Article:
Northwest Cherry Growers released their initial crop estimate this week, predicting a harvest of 20.5 million boxes. 

That’s down somewhat from the past few seasons, including the record 26 million boxes in 2017. Growers in some areas suffered freeze damage in February and March, and the industry estimated earlier this year that production would be down about 3 million boxes due to tree removals driven by little cherry disease. 

After a warm start to the season, it’s been a relatively cool spring in much of the Pacific Northwest. The industry group, which represents sweet cherry growers in Washington, Oregon, Idaho, Montana and Utah, predicts a large spread in harvest timing between early and late growing regions. 

“In a year where many retailers are experiencing reduced store trips and customers are looking for a taste of summer, a strong June start and a longer crop is about as best as can be hoped for at this stage,” the group said in its news release. “Historically, this type of separation in degree days across the districts points to a full season where the industry will have 95-plus days of sales to move the crop.”

This estimate is the first in a series of crop projections that will be refined as the industry moves closer, and with more certainty, toward harvest. Next week, growers from around the region will gather via conference call for the annual 5-State Cherry Commission meeting on May 12.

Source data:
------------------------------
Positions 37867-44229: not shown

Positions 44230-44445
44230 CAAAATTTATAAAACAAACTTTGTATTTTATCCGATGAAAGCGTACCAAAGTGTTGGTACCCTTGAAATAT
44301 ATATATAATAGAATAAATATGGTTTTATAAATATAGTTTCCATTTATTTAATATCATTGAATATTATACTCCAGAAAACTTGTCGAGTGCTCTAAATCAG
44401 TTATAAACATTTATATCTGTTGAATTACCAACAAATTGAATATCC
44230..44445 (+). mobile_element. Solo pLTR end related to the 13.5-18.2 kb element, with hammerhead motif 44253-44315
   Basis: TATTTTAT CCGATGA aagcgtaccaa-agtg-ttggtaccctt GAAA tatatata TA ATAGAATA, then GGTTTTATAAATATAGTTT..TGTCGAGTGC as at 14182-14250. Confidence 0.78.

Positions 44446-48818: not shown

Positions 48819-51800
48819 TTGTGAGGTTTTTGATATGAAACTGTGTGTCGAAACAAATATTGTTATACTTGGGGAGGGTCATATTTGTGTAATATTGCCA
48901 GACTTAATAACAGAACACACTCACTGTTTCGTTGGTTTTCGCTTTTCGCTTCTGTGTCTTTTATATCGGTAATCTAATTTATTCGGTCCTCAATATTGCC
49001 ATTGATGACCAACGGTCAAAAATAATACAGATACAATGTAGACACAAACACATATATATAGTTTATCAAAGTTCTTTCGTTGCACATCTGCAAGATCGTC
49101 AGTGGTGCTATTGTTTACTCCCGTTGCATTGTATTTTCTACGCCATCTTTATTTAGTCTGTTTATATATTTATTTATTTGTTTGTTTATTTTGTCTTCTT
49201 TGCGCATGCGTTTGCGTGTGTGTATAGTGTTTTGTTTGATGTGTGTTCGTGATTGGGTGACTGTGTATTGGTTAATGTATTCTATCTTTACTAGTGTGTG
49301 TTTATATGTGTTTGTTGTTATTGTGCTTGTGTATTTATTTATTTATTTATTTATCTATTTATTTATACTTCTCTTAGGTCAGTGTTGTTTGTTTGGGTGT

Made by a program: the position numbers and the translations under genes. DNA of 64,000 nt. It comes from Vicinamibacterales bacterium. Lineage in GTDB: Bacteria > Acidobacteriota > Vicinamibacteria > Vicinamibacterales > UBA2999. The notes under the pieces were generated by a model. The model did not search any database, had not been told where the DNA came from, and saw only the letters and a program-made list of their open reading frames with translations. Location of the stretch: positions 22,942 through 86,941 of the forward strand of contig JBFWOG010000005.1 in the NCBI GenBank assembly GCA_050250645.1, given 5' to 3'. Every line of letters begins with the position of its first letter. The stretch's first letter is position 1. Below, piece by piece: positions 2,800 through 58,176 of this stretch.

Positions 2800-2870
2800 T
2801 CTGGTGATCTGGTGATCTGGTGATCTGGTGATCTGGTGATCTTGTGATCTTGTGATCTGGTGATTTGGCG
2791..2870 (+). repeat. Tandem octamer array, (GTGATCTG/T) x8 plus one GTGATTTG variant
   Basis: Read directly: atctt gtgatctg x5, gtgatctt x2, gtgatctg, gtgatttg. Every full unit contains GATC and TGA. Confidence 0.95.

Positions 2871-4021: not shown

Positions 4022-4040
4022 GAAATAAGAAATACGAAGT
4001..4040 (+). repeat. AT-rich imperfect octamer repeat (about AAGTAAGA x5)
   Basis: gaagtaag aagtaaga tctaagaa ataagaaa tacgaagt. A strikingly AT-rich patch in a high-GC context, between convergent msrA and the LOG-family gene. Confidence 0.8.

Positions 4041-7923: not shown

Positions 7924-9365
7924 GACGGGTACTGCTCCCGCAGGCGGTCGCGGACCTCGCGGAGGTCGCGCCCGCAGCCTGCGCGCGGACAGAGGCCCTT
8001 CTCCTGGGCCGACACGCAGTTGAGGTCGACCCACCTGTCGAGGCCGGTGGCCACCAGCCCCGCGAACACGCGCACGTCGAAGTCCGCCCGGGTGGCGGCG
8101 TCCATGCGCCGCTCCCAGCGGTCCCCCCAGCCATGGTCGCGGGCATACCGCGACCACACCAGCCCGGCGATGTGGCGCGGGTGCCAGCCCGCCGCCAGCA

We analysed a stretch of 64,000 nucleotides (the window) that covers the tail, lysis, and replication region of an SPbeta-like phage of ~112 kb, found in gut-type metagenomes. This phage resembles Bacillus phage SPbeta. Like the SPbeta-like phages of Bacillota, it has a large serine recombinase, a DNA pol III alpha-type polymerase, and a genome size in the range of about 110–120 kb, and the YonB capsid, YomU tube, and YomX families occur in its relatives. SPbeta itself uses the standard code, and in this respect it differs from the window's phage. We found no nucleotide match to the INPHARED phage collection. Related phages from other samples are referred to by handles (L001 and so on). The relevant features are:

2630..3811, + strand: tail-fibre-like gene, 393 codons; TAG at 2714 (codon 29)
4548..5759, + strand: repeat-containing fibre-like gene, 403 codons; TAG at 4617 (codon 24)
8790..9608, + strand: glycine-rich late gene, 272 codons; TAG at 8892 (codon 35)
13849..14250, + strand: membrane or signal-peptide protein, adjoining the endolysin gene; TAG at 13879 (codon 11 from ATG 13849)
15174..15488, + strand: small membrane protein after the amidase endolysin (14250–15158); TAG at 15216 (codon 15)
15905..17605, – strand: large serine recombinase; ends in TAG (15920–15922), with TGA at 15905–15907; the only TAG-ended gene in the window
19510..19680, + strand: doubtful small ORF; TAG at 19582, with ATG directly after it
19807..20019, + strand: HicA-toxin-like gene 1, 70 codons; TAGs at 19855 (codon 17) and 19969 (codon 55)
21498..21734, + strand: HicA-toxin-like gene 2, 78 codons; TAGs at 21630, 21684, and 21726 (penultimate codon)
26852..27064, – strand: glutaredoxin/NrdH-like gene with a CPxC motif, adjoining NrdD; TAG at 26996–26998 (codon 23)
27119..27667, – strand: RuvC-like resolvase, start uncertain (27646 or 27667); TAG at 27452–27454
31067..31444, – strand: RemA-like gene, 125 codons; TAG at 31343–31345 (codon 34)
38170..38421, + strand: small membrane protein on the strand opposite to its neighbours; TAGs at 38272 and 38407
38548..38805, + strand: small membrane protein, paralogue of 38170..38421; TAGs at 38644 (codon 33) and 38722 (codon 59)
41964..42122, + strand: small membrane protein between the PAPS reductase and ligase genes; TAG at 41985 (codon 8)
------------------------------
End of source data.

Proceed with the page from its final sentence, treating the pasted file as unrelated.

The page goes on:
What about exports, which in recent years accounted for 35 percent of the crop? While the pandemic’s impact on key Asian markets and the reduction in commercial flights does complicate the export picture, Northwest Cherry Growers said last week that it still sees plenty of opportunity. Markets in China, Taiwan, Korea and Vietnam are opening, and retailers and consumers are eager for cherries, Keith Hu, vice president of international business development said. 

The reduction in commercial flights may be offset by dropping fuel prices that make cargo flights more cost effective.

“Based on what I am hearing about more flights and lower fuel costs to those markets this summer, I think that shipping 6 million 20-pound equivalent boxes this year is realistic,” president B.J. Thurlby said in a statement. “As the 2020 crop is shorter than we have seen in several years, I think 6 million boxes may end up being 30 percent of this crop.”

by Kate Prengaman